Our potent Winter Warrior Tea (with cold & flu fighting ginger, lemon & green tea) is the base for this ultra-fast recipe that takes 15 minutes or less to make. Just slightly longer than brewing a cup of tea, but not much! It’s a staple at my house because it’s fast, easy, tasty & healthy. You'll love it for the same reasons as well as the endless possibilities it offers. Include more (or less noodles) to turn it into a filling soba or ramen style meal, or focus on just adding veggies to enjoy it as a lighter soup. Change the veggies up depending on what is in season.
This recipe hits the spot for including immune-boosting benefits as well as probiotics that aid digestion & nutrient absorption.
by Daniela Cubelic | Tea Master + Founder, SILK ROAD
5 tsp. Winter Warrior Tea
5 cups Water
4- 6 oz Seasonal Veggies: buy what’s fresh & in season.
Quick cooking greens are ideal for this soup & don’t overcook them. If it’s a vegetable that takes a bit longer to cook, slice it into much smaller pieces so that the cooking time is shorter. Any of these veggies work beautifully in this dish: bean sprouts, pea shoots, mushrooms, snow peas, peas, spinach, bok choy, sui choi, gai lan, broccoli, carrots, thinly sliced red or green cabbage, kale & green onions.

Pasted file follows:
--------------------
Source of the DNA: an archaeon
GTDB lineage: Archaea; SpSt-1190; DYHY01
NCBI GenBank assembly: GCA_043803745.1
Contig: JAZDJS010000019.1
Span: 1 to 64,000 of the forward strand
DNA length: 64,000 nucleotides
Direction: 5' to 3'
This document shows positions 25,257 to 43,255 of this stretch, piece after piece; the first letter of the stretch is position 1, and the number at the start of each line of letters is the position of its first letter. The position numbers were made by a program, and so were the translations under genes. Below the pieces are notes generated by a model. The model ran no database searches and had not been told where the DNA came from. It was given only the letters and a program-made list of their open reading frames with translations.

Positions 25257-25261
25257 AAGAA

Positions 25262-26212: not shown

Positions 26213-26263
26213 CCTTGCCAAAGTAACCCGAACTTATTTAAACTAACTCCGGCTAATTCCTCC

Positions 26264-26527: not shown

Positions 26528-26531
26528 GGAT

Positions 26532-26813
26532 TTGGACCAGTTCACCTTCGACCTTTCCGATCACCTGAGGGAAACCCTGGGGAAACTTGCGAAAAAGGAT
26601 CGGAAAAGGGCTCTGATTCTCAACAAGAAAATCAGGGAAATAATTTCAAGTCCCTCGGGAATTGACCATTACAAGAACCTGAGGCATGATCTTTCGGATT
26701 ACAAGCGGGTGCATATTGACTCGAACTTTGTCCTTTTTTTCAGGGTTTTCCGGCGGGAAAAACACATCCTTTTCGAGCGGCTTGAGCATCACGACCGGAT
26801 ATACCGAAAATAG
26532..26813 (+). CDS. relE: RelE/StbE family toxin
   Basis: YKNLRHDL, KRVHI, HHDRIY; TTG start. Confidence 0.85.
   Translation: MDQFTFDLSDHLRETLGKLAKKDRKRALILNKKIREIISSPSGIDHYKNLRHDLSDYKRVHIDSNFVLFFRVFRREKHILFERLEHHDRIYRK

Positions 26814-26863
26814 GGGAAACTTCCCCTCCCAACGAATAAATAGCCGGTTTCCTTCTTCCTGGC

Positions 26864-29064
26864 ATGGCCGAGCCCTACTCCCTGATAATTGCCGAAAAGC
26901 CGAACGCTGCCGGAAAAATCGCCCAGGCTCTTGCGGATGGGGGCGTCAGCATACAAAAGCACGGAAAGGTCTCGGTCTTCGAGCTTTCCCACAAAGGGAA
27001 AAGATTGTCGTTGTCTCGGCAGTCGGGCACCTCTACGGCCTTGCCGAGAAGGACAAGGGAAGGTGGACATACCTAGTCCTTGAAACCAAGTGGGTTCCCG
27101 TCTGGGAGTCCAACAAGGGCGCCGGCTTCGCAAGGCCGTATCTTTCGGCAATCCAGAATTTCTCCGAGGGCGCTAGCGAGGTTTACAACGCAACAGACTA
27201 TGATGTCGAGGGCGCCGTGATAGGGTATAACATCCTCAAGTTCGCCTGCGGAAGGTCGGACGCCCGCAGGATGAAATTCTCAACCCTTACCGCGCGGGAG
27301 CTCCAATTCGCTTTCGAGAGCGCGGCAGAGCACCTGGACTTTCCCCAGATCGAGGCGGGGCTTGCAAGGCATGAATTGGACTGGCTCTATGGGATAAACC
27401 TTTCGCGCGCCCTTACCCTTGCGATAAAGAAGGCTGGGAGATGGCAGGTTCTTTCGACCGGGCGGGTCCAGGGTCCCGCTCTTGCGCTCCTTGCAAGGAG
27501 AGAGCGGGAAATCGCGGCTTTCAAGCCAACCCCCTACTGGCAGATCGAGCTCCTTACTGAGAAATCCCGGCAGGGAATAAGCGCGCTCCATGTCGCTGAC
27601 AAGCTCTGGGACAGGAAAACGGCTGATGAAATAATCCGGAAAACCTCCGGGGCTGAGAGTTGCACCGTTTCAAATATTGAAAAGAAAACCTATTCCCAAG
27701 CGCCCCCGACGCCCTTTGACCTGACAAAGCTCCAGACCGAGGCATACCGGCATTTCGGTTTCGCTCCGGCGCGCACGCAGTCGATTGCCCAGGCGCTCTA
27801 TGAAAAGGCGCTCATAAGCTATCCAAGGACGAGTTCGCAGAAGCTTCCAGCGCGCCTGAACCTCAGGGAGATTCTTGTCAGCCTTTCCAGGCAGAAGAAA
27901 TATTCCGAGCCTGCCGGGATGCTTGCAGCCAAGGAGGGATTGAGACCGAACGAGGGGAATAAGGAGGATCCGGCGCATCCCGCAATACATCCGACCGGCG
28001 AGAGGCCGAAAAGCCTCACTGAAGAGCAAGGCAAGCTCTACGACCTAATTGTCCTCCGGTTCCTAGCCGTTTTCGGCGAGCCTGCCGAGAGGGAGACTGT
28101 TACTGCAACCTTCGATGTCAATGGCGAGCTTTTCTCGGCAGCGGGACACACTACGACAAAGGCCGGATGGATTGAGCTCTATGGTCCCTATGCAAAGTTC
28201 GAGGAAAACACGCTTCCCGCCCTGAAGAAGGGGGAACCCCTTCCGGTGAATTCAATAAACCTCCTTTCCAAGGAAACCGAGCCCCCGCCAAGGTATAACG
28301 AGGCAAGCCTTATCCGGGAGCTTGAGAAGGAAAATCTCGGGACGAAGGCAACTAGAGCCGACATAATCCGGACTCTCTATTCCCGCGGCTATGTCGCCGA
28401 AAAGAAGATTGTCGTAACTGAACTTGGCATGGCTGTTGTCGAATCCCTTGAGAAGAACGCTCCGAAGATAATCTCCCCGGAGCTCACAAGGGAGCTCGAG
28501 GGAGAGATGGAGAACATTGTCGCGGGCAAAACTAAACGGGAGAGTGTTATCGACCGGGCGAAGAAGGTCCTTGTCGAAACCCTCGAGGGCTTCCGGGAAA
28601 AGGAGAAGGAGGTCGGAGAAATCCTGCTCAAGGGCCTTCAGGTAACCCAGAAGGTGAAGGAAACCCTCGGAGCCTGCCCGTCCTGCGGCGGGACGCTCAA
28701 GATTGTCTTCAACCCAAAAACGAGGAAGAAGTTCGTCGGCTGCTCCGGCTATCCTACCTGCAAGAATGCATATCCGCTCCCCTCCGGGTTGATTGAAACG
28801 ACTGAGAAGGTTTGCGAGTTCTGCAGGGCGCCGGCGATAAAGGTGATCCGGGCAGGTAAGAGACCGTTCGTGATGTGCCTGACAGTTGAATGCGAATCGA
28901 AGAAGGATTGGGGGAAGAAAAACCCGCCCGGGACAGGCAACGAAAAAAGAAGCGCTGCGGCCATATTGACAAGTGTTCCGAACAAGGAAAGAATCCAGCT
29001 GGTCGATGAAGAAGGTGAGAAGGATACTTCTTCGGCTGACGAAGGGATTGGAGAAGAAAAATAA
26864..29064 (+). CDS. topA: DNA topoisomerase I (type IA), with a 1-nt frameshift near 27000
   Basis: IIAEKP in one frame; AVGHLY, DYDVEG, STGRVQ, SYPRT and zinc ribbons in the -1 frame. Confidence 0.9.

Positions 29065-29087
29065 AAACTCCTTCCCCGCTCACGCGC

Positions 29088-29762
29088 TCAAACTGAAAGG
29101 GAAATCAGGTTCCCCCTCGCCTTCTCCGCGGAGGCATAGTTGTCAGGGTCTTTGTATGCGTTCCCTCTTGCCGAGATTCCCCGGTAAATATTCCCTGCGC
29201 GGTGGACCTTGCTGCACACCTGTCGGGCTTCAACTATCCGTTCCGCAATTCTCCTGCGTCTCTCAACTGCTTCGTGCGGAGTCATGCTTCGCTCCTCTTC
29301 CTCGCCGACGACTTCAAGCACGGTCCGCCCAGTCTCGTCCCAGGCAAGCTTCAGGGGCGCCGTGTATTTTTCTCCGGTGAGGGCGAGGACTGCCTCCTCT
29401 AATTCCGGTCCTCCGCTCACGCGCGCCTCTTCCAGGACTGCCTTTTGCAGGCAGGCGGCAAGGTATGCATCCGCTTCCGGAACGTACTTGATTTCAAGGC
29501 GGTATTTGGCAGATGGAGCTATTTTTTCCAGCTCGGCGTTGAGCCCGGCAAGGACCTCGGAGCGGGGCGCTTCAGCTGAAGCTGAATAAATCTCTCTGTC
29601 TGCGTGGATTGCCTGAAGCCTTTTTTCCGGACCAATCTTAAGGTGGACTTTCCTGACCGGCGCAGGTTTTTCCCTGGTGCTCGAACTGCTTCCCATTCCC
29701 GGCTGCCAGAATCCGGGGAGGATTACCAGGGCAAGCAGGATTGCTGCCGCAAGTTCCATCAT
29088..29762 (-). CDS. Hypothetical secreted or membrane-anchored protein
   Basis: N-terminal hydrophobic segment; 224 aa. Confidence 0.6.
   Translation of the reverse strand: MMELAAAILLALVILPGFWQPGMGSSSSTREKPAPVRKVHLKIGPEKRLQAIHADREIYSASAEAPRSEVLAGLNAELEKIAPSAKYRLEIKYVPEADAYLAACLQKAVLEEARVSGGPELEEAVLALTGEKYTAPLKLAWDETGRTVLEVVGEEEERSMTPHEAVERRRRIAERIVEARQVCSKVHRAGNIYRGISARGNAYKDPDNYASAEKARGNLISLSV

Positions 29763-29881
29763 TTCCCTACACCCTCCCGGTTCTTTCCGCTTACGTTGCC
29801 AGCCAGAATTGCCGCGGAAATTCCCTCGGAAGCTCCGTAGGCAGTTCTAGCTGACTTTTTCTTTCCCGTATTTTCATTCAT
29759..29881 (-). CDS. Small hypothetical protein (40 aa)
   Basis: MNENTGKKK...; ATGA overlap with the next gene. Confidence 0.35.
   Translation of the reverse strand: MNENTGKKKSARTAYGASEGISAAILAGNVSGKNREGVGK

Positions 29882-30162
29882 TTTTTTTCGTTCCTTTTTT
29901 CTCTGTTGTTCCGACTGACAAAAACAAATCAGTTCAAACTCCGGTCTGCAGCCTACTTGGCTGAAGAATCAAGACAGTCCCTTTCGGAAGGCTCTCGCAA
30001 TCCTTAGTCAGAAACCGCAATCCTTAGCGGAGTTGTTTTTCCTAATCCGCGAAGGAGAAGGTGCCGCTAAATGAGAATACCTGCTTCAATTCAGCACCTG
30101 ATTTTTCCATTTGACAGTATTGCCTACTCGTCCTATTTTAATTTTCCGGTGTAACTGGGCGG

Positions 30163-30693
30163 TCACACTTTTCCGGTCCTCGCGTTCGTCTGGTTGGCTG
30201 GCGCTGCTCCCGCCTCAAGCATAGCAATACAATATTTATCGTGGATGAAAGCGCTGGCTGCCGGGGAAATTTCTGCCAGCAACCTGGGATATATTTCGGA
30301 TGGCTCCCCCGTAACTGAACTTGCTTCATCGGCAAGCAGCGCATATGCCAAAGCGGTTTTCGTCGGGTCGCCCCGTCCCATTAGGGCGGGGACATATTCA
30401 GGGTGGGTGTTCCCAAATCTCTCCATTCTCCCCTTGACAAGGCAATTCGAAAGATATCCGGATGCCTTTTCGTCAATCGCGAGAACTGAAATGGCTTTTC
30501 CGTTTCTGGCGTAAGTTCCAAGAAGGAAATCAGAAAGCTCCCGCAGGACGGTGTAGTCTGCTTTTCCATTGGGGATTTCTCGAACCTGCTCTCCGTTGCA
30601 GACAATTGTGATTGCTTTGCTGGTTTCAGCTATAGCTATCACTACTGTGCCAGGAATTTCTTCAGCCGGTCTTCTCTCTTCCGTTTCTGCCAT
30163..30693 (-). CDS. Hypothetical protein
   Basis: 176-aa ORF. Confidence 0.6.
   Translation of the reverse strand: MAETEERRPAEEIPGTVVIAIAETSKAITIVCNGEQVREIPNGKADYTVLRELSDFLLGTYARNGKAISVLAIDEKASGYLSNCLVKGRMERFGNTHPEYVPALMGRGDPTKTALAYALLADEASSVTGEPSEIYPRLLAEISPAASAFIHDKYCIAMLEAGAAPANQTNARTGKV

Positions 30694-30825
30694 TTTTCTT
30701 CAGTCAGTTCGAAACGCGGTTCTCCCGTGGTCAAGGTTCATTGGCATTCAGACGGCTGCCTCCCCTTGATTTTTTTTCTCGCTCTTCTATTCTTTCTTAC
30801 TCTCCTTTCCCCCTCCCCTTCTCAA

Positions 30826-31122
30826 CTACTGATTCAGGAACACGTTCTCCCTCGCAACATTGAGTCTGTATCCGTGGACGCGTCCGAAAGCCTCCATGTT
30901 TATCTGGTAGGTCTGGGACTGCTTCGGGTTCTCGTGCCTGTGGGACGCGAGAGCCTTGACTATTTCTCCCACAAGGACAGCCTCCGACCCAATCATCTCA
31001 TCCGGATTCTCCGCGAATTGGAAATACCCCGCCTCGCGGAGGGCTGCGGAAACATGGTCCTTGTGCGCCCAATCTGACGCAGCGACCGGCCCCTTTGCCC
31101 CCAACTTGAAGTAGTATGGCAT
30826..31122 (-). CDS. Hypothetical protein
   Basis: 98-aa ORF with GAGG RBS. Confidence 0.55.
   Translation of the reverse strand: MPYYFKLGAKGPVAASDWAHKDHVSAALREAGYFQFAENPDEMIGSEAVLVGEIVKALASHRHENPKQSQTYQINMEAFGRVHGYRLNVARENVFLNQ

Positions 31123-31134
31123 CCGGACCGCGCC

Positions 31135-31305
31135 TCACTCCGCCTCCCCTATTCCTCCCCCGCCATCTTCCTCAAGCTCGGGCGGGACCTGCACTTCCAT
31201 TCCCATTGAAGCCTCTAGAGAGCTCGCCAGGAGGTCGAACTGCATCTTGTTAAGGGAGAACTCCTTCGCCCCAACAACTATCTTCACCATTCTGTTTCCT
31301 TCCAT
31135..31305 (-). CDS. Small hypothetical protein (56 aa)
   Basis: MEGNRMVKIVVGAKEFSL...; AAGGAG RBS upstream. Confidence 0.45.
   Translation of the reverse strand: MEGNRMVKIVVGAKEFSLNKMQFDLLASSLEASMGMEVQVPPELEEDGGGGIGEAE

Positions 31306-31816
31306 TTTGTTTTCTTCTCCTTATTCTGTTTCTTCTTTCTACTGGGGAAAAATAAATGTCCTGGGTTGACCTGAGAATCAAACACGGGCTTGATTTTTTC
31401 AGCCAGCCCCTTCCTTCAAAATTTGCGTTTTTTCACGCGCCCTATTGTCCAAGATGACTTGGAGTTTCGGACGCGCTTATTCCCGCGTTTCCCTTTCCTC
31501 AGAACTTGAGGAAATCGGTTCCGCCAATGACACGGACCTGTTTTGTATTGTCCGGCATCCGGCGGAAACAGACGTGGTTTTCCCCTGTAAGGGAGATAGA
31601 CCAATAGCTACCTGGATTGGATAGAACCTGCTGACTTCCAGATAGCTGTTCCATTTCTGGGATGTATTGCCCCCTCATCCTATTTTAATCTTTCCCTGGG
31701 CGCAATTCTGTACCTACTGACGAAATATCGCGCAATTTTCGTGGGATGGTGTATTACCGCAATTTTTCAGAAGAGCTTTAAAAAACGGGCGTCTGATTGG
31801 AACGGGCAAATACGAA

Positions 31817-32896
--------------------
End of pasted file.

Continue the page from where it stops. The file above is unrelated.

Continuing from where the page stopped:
Optional Noodles: Soba, Rice, Ramen or other noodles. If adding noodles, pre-cook them separately while the soup is cooking, strain & place in bowls immediately before serving, and before adding the soup to the bowl. Ladle the soup over the noodles.
1. Place Winter Warrior Tea in teapot or heatproof pitcher. Bring water to full rolling boil. Pour over tea. Steep 10 minutes & strain into a cooking pot.
2. Turn heat to high and bring to a boil. Add all the veggies*, turn the heat to medium & cover with a lid while the veggies cook. Don’t overcook any greens– they should retain a bright colour and still be crispy. Veggies like spinach or baby kale need almost no cooking time – they can be stirred in immediately before serving. Pea shoots, bean sprouts or freshly grated carrot can be added as a garnish – these are better when they aren’t cooked.
TIPS- If combining vegetables with drastically different cooking times, stagger the addition of the veggies so the slowest cooking veggies are added first and left to cook for a few minutes before adding the other veggies. Tender young greens such as spinach require almost no cooking time and can be cooked for about 30 seconds.
- If you’re making a batch of this soup in advance to eat later, don’t add the miso, noodles or the veggies. When re-heating the soup add the fresh veggies until they are cooked. Most noodles take 5 minutes or less to cook.